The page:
News ID: 150478
Published: 0244 GMT April 30, 2016

Middle-class kids inhibited by US college costs

Middle-class kids  inhibited by US college costs

It’s become an ironclad fact of life: Higher education is a prerequisite for a middle-class lifestyle. But a new joint study shows that spiraling costs are pushing higher education further from reach for lower- and middle-income families, while state lines can determine how much they’ll pay.


The study by researchers at Vanderbilt University, the University of Pennsylvania, and the Institute for Research in Higher Education found that since 2008, overall college affordability has fallen 45 states, owing in part to slashed state spending on higher education in the years during and since the Great Recession, reported

As a result, low- and middle-income earners in certain states now must spend as much as 76 percent of their annual income to pay a student’s tuition and expenses at a four-year public school, according to the study, 'The 2016 College Affordability Diagnosis'. Things aren’t any better at the community college level, where some households with income of $30,000 or less are likely to pay as much as 61 percent of their earnings for costs at a two-year public school.

Meanwhile, financial aid doesn’t go as far as it did before, access to it has tightened, and a working student would need to work so many hours to pay the bills — and probably is already facing pressure to support him or herself, or a family — that college would take a backseat to finding a job, the study says. That makes taking on heavy debt through student loans the only option for young people who want to get an education to get ahead.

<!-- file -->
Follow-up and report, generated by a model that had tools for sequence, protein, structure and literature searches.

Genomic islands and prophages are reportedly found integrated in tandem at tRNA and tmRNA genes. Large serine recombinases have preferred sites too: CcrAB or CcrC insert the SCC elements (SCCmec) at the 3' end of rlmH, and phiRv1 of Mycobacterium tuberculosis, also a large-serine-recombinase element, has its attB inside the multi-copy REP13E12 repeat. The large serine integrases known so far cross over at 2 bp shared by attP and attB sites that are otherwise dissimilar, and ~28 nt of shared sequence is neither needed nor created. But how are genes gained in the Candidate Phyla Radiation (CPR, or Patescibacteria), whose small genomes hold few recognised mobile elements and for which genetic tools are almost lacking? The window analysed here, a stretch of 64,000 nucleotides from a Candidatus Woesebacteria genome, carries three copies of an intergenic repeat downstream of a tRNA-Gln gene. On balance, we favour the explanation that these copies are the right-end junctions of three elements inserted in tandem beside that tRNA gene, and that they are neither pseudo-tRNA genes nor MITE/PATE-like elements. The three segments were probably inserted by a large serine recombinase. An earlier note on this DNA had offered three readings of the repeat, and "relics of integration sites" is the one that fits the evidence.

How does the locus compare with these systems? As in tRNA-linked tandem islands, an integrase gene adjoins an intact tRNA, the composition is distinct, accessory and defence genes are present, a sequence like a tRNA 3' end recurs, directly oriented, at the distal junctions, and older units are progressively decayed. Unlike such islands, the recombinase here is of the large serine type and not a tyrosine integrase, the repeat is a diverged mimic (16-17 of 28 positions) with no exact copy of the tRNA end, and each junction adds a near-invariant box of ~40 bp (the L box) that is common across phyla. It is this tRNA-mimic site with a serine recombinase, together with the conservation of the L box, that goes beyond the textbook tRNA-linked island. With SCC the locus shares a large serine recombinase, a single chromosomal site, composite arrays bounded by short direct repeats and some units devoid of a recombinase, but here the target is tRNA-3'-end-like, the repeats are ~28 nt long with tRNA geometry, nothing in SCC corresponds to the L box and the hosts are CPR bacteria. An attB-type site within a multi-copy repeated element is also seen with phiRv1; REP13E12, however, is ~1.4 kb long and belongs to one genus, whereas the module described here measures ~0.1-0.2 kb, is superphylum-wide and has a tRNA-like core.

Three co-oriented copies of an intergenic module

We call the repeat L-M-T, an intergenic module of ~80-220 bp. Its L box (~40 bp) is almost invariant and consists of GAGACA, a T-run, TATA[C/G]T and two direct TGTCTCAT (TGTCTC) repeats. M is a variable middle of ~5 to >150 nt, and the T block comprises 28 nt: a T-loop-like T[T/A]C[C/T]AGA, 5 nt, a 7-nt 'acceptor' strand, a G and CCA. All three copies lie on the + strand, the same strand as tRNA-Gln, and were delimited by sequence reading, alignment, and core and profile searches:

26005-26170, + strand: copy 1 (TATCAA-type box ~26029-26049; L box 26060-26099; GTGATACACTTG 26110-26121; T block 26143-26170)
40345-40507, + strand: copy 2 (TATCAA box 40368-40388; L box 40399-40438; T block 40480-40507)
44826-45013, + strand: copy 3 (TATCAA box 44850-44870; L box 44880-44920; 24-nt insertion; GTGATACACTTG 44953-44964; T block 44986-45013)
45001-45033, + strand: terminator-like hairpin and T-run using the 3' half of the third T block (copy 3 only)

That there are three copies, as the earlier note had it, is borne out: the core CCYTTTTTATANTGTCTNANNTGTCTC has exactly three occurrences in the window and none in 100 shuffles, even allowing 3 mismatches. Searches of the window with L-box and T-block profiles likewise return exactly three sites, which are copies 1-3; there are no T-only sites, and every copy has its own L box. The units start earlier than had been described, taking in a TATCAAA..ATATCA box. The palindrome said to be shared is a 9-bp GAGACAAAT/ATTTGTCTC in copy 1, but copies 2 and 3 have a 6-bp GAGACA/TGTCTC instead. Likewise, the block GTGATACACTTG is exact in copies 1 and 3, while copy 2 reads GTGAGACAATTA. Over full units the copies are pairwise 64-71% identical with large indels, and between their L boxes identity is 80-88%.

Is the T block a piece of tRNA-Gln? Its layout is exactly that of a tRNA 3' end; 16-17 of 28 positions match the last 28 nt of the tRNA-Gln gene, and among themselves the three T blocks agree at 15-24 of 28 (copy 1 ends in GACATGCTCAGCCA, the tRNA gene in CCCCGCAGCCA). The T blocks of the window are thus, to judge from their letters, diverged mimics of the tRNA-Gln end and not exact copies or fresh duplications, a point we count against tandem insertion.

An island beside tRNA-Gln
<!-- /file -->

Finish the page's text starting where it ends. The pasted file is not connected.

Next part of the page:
Education policymakers must seek to lessen the financial burden of higher education on these families,” the report says. “Unless we make college affordable for people of all financial means, opportunity through higher education will be a false promise."

Will Doyle, an education policy researcher at Vanderbilt and one of the study’s authors, says a confluence of factors has caused the nation to drift into a much more expensive system that forces households into five- and six-figure debt to pay for college.


“What we’ve been doing is turning to students and family and asking them to make up the difference — to find the money or borrow the money,” says Doyle, an associate professor of higher education in Vanderbilt’s Peabody College of Education and Human Development. Unless the problem is addressed quickly, he says, things are likely to get worse.


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